SUGGESTION: Know who you are and what you want. Sounds simple and it should be – don’t overly complicate things. If you’re a corporate-type that finds comfort in a hierarchy for example, look for a job in the CBD that offers this sort of environment and don’t look at jobs in the ‘burbs in a warehouse environment or say a shorts & t-shirt-type creative agency. Or for that matter – working from home! Know what makes yo comfortable:
– structure or flexibility?
– guidance or autonomy?
– big team or small team?
– hard-line or empathetic?
– high pressure or laid back?
– honest or hard-nosed?
– customer facing or back of house?
– environmentally, community & socially responsible?
– making a difference or making a dollar?
– sales or support?
Not that the above points are opposites or mutually exclusive! They are just some thoughts on the sorts of things you should be asking yourself so that you’ll fit in and can look for companies that provide the sort of environment/roles that will make you happy. The off-shoot of this is that you are also much more likely to “get on” in an interview because you, the company and the interviewer will be aligned culturally!
4. You’re desperate!
Let’s face it: desperation is not an attractive trait in any relationship and employer/employee is a relationship, so it needs to start off on the right foot. I recognise that it’s not easy coming across as not being desperate when there’s a lot riding on you getting the job (paying the bills; getting a new car; going on that holiday; stature amongst your peers; ego; etc), but the challenge is to come across as present as keen, interested and available (for the right opportunity) as opposed to needy and willing to take anything that comes along!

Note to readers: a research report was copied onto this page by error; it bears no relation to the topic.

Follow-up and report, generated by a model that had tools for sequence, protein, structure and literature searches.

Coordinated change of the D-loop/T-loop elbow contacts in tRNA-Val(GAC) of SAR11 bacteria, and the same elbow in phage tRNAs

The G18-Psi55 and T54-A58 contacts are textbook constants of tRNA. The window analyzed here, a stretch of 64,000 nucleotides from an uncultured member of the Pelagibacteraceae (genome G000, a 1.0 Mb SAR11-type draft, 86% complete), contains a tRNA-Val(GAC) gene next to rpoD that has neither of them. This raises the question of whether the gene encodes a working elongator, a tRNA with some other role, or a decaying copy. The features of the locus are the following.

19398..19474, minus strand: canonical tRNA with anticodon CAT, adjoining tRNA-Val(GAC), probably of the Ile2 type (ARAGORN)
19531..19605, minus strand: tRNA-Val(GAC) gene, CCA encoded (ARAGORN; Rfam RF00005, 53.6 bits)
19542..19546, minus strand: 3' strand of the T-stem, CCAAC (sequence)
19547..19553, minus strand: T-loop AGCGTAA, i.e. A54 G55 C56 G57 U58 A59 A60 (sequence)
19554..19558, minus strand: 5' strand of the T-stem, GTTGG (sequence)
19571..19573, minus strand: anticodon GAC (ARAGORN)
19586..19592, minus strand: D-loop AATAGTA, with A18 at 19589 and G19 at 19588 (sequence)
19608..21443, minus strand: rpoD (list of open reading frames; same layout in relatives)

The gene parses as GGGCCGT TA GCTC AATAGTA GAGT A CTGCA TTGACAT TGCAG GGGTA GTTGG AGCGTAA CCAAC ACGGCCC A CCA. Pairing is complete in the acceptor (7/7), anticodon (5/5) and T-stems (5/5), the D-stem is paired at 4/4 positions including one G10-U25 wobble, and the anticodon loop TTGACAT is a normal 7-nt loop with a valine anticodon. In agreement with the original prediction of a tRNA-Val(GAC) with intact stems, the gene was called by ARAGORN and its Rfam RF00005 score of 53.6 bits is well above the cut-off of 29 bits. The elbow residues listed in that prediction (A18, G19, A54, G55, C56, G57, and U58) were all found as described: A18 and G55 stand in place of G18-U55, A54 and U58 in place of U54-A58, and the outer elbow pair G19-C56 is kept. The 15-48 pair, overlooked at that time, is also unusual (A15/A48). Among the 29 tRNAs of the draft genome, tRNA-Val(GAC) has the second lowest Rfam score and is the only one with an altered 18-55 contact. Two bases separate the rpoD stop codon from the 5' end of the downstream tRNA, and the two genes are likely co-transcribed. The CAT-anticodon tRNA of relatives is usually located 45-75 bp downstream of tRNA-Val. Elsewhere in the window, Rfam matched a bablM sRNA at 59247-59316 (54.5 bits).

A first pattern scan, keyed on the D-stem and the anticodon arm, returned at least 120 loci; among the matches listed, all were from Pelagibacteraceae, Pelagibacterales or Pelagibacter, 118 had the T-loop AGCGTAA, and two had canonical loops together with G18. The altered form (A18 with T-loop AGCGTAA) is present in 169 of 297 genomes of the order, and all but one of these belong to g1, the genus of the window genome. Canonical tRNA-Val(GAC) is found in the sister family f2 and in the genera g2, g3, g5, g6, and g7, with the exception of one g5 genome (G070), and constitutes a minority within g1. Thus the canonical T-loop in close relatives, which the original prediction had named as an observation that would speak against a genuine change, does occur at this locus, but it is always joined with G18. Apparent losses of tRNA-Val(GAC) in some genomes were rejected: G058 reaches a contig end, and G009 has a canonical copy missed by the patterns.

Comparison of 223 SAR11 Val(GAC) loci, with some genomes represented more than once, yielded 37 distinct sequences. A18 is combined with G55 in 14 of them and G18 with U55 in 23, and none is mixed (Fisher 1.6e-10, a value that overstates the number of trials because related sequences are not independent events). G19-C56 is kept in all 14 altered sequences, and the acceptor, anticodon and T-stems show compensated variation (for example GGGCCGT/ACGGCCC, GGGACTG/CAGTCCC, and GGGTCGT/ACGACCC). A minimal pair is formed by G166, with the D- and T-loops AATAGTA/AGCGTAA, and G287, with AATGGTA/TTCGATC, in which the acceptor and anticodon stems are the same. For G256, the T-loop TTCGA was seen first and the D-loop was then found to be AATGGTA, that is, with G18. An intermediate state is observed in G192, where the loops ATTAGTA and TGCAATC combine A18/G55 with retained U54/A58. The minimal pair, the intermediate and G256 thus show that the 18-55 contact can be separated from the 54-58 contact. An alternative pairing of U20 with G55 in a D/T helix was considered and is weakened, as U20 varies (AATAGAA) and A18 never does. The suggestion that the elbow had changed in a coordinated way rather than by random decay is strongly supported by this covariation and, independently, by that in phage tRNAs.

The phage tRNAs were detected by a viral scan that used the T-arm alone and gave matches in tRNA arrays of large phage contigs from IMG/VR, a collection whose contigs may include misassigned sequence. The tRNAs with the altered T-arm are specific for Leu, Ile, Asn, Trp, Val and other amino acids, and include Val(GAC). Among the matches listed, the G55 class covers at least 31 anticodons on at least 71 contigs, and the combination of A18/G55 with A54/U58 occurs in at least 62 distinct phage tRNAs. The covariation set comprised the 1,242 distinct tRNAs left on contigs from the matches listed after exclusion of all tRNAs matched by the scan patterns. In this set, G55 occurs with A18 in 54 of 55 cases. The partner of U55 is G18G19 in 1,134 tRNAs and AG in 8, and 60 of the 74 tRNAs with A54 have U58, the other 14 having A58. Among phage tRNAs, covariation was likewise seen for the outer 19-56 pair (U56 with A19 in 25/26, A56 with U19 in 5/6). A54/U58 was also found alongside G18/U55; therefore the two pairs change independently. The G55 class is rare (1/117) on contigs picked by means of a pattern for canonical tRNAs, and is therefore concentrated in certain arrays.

SUGGESTION: Do your research. Be prepared. Plan what you want to say and how you want to say it. Role play if you have to so that you can be comfortable when the time comes. And when the time does come, be cool, calm and collected in the interview. Note: I don’t mean aloof and distant – being warm and approachable will go a long way, just don’t be too “wishy-washy” for want of a better term! The other thing is – make sure that you bring some colour to your interview – not literally speaking, but figuratively. Try not to be “off-white or beige”. Have an opinion and a voice, but not one that is confrontational or antagonistic. Know where you are going, what you are doing and what you need, but don’t make it all about you. And above all else – be yourself! The majority of people can see through a fraud and even if it’s missed at interview, a fraud will soon show up in the workplace and be moved on!
5. You interrupt too much (at least that’s the perception)
I’ve talked about this before in previous blogs. It’s so important to show that you are interested in what an interviewer has to say and that you don’t come across as you believing that the world revolves around you. What I inevitably find is that when people are prone to interrupting, they generally begin their interruption with “I” (I, I, I, I…..) and therefore what comes across whether intended or not can be: “it’s all about me”.
I totally understand that the interrupting is generally brought on by nerves and an eagerness to please (desperation maybe?) and I will always try to give candidates an opportunity to settle in to an interview as things often improve the further in to the process we get. But. It’s not always going to be someone that interviews for a living doing the interviewing and therefore, they might not be quite so aware of the importance of allowing a candidate to become comfortable.
SUGGESTION: When you’re interviewing: Stop. Listen. Pause. And then speak. Give yourself TIME!!! This can be really difficult when the palms are sweaty and the heart rate is up, but do your best to hold your nerves in check so that the interviewer(s) gets a chance to finish their question. Also, by giving them that time, you are buying yourself the time to think of an appropriate (or better) answer! And please remember: there aren’t any bonus points for answering the fastest or guessing the answer correctly – we’re not on Family Feud!